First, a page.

I was one of those kids who grew up with her nose in every kind of book, dog-ear-ing their pages and refusing to get rid of any single one of them. I viewed, and still view, them as people of a sort, full of their own unique intricacies. Tatakau Shisho takes this idea to a whole new level; whenever a person dies, he or she returns in the form of a stone tablet, a “book” of a sort. Unlike the books that I grew up reading, which can only be so detailed on the skills of the author, the “Book(s) of Bantorra” are people, not representations of people. And much like these very real tome manifestations of human lives, this anime encompasses a wide array of desires, fears, dreams, and failures.
Tatakau Shisho: The Book of Bantorra is a tough story to summarize in a short paragraph, as it follows the threads of several characters, their experiences, their emotions, then weaves them all together into a grand finale the builds gradually over the course of the season and surprises the viewer when it finally begins its crescendo. As stated earlier, in this world, humans die only to return as stone tablets. One just has to touch the tablet to “read” the life story of its owner. These “books” are stored at the Bantorra Library in the protection of the Armed Librarians. With their many and varied magical gifts, the librarians fight the opposing Church of Drowning in God’s Grace, who wants to use the books instead of protect them.
The weakest, though at times strongest, aspect of the anime is its plot, or should I say, plots. We are presented with a large number of side stories that all interweave into a greater central plot. Conspiracies, the uglier sides of human nature, the hopeful and beautiful sides, the stories are so different from one another, and yet each affects multiple other stories, growing and rippling off one another. While this all sounds fantastic in theory, Bantorra struggles to create any feeling of cohesion between the sub-plots for a good majority of the season. The audience is tossed into the fray and forced to figure out how to piece together the mysteries and doubts. Forget watching this show weekly, episode by episode with large spans of time in between; you’ll have forgotten what occurred in the previous episode and how in the world it ties into what you’re watching this week. The confusion lessens by watching arc by arc, and I have a feeling that the anime significantly improves with a second viewing. The plot does succeed in originality, as the overlapping tales and genre work together to create a a story very unlike any other anime I have ever seen. Fantasy, action, mystery, suspense, Bantorra covers them all.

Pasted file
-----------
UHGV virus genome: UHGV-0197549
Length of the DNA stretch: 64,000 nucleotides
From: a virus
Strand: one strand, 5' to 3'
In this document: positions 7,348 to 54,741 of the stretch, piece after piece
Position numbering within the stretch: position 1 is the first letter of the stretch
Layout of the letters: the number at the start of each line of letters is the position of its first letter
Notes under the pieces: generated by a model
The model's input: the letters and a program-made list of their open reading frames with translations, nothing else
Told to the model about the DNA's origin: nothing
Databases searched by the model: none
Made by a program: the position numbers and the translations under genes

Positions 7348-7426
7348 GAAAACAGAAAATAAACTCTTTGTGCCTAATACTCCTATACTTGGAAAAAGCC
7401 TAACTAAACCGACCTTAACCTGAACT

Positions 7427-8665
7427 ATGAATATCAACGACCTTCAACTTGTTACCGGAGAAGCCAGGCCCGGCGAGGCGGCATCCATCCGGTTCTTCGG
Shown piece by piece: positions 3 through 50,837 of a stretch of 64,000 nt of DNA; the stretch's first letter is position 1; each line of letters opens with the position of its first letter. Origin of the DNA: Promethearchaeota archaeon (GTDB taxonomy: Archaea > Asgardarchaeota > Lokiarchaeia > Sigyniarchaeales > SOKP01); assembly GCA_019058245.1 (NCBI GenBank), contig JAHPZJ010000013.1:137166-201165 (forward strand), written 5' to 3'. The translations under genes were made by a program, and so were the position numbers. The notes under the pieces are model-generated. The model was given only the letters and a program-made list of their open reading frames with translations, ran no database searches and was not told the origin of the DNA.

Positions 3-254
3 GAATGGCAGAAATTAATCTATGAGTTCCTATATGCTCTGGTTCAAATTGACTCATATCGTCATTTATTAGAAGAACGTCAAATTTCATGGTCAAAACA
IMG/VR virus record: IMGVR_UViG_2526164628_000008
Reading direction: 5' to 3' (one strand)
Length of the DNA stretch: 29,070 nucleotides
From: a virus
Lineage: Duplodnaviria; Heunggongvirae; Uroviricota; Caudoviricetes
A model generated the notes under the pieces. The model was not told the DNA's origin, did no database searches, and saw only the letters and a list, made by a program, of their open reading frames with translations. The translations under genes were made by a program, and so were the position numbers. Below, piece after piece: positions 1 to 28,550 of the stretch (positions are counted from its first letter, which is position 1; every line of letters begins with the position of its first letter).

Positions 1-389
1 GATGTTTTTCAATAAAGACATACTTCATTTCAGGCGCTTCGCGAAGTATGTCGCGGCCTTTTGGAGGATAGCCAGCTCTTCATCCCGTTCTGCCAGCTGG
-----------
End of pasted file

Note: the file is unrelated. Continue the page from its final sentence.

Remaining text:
Bantorra also boasts an impressive character list on both “good” and “bad” sides. Due to the anime’s arc-nature, we get surprisingly in-depth viewings of the backgrounds and beliefs of many of these characters. Even beyond death, their stories return in the form of the books and are told through the viewing (“reading”) of another. Because of how detailed they are, the characters are unforgettable despite their often short story lines. Not a single one of them is represented as flat; emotions war against one another, and we see both the best and worst of their personalities.
Protagonist, Hamyuts Meseta, gets a surprisingly low amount of screen time in respects to her main character status. And yet, you never truly forget about her, since the Church’s mantra seems to be “Kill Hamyuts Meseta,” a phrase their brainwashed disciples repeat over and over again. She also is one of the greatest mysteries of the anime, as you truly never get to know her and where she comes from until the very end. And even with her back story told, I still do not feel like I really understand her thought process. While she should be the heroine and is the Acting Director of the Armed Librarians, she often acts the villain, one who enjoys killing others and glorifies in her own physical pain. She seeks out death, but is repeatedly disappointed. Another character who greatly impacted me was Noloty Malche, who wishes to become an Armed Librarian, yet stays in her trainee-status because of her infallible love for all things living. This belief in inherent goodness is usually displayed in a negative light, even by her peers. It is the offered reason for her inability to grow in strength; an Armed Librarian must be able to kill to protect. Noloty, at the most, only ever aims to stop. However, many who encounter her discover that there is iron power behind her innocent smile. As she often proclaims, “the world is [hers].” She envisions the world as she wishes it and will give her all to make it so. Noloty is impossible to dislike, her disarming smile, offered hand of friendship, and uplifting energy.
The art is exceptionally well done, and I can’t recall a single episode that yelled out, “Not enough time, had to do a piss-poor job on this sequence of images!” I found each of the character designs individualistic and memorable, heck, I’d love to cosplay as either Noloty or young-Ireia if ever given the chance. The animation, too, moves smoothly from frame to frame.
Overall: 8.9/10 (Very Good)
While the show definitely has its weaknesses in plot and in its overly large cast, I enjoyed the whirlwind ride. Tatakau Shisho surprised me, delighted me, and reminded me that this world is exactly what we make it, starting with ourselves.